Which is better SHORT SALE or FORECLOSURE? First let me say that if you are seriously considering either of these then you are not alone. The Mortgage Banker Association recently estimated that 1 out of every 200 homes in the US will be foreclosed upon – so there are many homeowners dealing with this difficult situation. The answer to that question is not the same for everyone. For some it is easier to let the bank take their home but that might not be the smartest thing to do.
Benefits of a Short Sale
- The sale of your home will be handled like any other home sale.
- The sign in your front yard will not announce your financial situation.
- You can be current on your payments and still short sale.
- You will have a trusted Realtor® to handle the transaction for you.
- If you meet certain requirements and have never fallen behind 30 days in your payments then Fannie Mae guidelines may allow you to buy another home immediately.
- If you are in behind in your payments and a short sale is ok'd by your lender you may be able to get a Fannie Mae backed mortgage within 2 years or 3 years for FHA
***Buying after a foreclosure: You MAY be able to get financing on a home after 5 years if the home was your primary residence but normally it will take 7 years
How a short Sale will affect your credit
There is no doubt that a short sale is going to ding your credit. It does not, however, show up on your credit report as a "Short Sale" instead it will say "settled for less than owed" or "paid in full for less than agreed".
How a Foreclosure will affect your credit
According to my preferred lender Joe Lee with Surety Financial Services your FICO score can drop 100 - 200 points. A foreclosure shows up on your credit report and stays there for 7 years. Foreclosures can also keep you from renting a property.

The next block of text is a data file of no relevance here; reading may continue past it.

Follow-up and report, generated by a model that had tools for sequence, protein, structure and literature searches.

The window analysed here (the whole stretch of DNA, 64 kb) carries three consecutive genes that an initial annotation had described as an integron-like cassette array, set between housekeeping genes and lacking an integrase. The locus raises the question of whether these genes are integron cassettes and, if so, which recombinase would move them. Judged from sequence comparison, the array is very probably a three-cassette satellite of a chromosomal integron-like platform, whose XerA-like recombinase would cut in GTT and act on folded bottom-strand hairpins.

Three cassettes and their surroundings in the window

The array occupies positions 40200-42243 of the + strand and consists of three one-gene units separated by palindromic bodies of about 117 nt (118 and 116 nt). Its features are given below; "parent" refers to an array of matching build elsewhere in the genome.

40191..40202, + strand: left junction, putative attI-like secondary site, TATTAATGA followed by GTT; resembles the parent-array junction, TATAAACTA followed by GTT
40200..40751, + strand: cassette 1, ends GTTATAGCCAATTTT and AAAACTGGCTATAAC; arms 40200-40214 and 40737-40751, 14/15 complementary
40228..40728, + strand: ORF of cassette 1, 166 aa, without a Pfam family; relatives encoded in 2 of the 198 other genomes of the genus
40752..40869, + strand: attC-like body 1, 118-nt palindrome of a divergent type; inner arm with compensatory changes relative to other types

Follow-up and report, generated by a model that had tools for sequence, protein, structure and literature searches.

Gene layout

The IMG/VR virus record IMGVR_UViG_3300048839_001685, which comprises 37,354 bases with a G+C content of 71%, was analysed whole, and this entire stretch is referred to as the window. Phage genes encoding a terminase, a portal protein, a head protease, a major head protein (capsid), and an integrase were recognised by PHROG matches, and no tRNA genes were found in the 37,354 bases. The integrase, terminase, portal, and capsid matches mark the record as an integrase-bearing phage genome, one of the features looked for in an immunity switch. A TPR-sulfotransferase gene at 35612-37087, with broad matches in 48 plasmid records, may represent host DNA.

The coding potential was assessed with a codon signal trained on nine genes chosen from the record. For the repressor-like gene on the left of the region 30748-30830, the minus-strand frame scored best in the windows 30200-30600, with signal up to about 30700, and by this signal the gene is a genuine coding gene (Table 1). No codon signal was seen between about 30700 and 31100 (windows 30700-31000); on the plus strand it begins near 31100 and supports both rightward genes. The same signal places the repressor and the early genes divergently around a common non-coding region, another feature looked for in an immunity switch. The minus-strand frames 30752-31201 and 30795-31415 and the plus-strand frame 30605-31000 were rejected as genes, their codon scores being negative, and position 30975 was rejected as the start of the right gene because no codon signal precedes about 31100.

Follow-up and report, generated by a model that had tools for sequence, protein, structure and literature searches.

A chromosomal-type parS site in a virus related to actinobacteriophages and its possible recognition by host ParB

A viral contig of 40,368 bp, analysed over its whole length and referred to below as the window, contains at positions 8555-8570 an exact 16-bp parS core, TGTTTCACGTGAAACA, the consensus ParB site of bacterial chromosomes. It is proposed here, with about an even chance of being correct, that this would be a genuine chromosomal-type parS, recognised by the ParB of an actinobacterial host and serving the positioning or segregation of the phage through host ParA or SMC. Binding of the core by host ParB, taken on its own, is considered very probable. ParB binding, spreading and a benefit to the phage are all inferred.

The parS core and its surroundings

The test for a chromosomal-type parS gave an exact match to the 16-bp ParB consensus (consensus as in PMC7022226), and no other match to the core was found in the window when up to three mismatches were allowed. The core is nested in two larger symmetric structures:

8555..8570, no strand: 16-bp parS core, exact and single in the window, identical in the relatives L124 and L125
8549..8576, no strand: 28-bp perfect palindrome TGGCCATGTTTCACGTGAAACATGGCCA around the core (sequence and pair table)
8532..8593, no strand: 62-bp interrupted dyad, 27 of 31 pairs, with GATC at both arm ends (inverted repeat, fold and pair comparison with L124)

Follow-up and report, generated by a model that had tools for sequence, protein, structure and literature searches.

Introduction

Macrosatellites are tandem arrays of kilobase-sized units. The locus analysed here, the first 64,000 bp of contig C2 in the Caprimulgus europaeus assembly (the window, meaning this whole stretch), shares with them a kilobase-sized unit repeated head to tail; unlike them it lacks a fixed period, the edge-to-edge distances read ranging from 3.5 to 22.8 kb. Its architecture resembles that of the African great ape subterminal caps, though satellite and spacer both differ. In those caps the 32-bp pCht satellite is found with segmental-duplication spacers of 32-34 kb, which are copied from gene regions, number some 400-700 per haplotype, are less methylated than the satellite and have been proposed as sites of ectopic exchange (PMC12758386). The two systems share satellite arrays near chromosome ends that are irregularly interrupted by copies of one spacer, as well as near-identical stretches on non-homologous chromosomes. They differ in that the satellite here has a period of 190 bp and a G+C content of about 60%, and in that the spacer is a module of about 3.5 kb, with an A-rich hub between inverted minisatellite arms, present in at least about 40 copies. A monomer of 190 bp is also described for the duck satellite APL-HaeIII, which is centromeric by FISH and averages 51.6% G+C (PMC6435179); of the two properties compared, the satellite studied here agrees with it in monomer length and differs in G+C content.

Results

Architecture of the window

Deficiency Judgments After a Short Sale
Effective January 1, 2011, California first trust deed mortgage holders who consent to a short sale of residential property (up to four units) are prohibited from seeking a deficiency judgment for the difference between the mortgage balance and the proceeds realized through the sale.
A new law brought about through Senate Bill 931 (Ducheny) which was passed by the legislature in August and approved by the Governor September 30, 2010.
According to the author, the purpose of the legislation was "primarily to protect distressed homeowners who have non-purchase money recourse loans on residential property (1-4 units), when the fair market value of the subject property is less than the balance of the first deed of trust. The legislation will make sure that these homeowners do not incur a higher dollar amount of liability after a short sale than they would otherwise have after a foreclosure sale."
Deficiency Judgments After a Foreclosure
Banks are generally unwilling to negotiate deficiency judgments with the homeowner after a foreclosure. In California, for example, according to the California Association of REALTORS, a deficiency judgment may be filed regarding a hard-money loan if the lender forecloses under a judicial foreclosure versus a trustee sale or if the second loan is a hard money loan and the sale takes place as a trustee's sale.
Loan Application Questions After a Short Sale
Loan applications do not ask questions about a short sale. You may report that you sold your home.
Loan Application Questions After a Foreclosure
You are required to answer the question: "Have you ever had a property foreclosed upon or given a deed-in-lieu thereof in the past 7 years." If the bank sees you have had a foreclosure, your loan most likely will be denied. If you lie you are committing mortgage fraud.
Always obtain legal and tax advice before making a decision between a short sale or a foreclosure.